Self-Care for the Caregiver: Managing Your Own Fatigue

Caregiver fatigue can be brought on by the physical and emotional demands placed on you because of the cancer diagnosis and treatment.

Below is a list of fatigue-fighting tips. It is important to maintain your own health and well-being so that you can provide the best possible care to your loved one.

  • Take time for yourself and your own needs. Watch for signs of stress such as impatience, loss of appetite, or difficulty sleeping.
  • Eat a well-balanced diet. Drink plenty of water or juice every day.
  • Exercise by taking short walks daily or at least three times a week.
  • Listen to relaxation tapes or music to help reduce stress.
  • Space your activities with short rest periods. Get a good night’s sleep.
  • Don’t overload your daily list of “things to do.” Be realistic.
  • Let family members and friends help. Delegate household chores, meals, baby sitting, or shopping.
  • Share your feelings with family members or other caregivers, or join a support group.
  • Keep the lines of communication open between your loved one, your family and friends, and the oncology nurse.
  • Give yourself credit — the care you give does make a difference.

For more information about caregiver fatigue, talk to an oncology nurse.

©  UPMC | Affiliated with the University of Pittsburgh Schools of the Health Sciences
Supplemental content provided by A.D.A.M. Health Solutions. All rights reserved.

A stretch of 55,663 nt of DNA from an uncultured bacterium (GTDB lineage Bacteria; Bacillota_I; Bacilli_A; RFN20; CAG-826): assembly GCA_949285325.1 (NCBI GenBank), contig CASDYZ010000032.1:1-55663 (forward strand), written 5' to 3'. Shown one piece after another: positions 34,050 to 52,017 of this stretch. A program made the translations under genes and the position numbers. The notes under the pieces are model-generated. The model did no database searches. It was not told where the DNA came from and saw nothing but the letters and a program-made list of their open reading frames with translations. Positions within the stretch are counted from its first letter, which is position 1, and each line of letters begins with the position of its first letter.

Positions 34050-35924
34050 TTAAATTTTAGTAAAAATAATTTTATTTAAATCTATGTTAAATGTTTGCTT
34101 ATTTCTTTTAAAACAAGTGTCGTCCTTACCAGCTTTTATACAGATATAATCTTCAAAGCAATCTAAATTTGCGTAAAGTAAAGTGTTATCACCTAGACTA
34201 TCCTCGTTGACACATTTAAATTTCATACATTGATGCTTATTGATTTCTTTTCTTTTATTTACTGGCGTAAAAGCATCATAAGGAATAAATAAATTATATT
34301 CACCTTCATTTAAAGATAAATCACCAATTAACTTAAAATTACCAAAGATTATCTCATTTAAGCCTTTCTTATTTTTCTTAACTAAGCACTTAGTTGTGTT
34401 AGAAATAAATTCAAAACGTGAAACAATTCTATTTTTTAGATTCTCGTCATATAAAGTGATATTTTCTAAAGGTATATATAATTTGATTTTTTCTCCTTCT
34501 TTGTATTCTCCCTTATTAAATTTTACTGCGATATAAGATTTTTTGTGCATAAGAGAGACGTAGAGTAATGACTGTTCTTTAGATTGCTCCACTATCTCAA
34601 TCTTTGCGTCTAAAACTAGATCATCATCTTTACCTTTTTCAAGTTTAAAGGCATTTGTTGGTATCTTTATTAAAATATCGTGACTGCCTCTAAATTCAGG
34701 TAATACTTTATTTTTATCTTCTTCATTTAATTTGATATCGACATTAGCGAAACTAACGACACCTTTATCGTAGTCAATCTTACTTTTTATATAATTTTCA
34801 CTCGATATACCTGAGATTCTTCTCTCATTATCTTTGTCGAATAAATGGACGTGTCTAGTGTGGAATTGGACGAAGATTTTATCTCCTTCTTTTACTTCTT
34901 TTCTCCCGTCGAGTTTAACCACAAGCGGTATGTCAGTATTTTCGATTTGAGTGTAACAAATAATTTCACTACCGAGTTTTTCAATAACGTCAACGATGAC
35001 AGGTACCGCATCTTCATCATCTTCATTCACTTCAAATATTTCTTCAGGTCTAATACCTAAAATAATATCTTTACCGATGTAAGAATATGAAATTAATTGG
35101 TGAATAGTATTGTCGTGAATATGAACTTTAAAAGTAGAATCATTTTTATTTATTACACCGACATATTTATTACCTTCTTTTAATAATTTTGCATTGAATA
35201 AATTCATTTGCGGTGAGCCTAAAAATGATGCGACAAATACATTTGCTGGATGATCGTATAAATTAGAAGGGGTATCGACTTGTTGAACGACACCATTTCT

For help in finding a doctor or health service that suits your needs, call the UPMC Referral Service at 412-647-UPMC (8762) or 1-800-533-UPMC (8762). Select option 1.

UPMC is an equal opportunity employer. UPMC policy prohibits discrimination or harassment on the basis of race, color, religion, ancestry, national origin, age, sex, genetics, sexual orientation, marital status, familial status, disability, veteran status, or any other legally protected group status. Further, UPMC will continue to support and promote equal employment opportunity, human dignity, and racial, ethnic, and cultural diversity. This policy applies to admissions, employment, and access to and treatment in UPMC programs and activities. This commitment is made by UPMC in accordance with federal, state, and/or local laws and regulations.

Medical information made available on UPMC.com is not intended to be used as a substitute for professional medical advice, diagnosis, or treatment. You should not rely entirely on this information for your health care needs. Ask your own doctor or health care provider any specific medical questions that you have. Further, UPMC.com is not a tool to be used in the case of an emergency. If an emergency arises, you should seek appropriate emergency medical services.

For UPMC Mercy Patients: As a Catholic hospital, UPMC Mercy abides by the Ethical and Religious Directives for Catholic Health Care Services, as determined by the United States Conference of Catholic Bishops. As such, UPMC Mercy neither endorses nor provides medical practices and/or procedures that contradict the moral teachings of the Roman Catholic Church.

© UPMC
Pittsburgh, PA, USA UPMC.com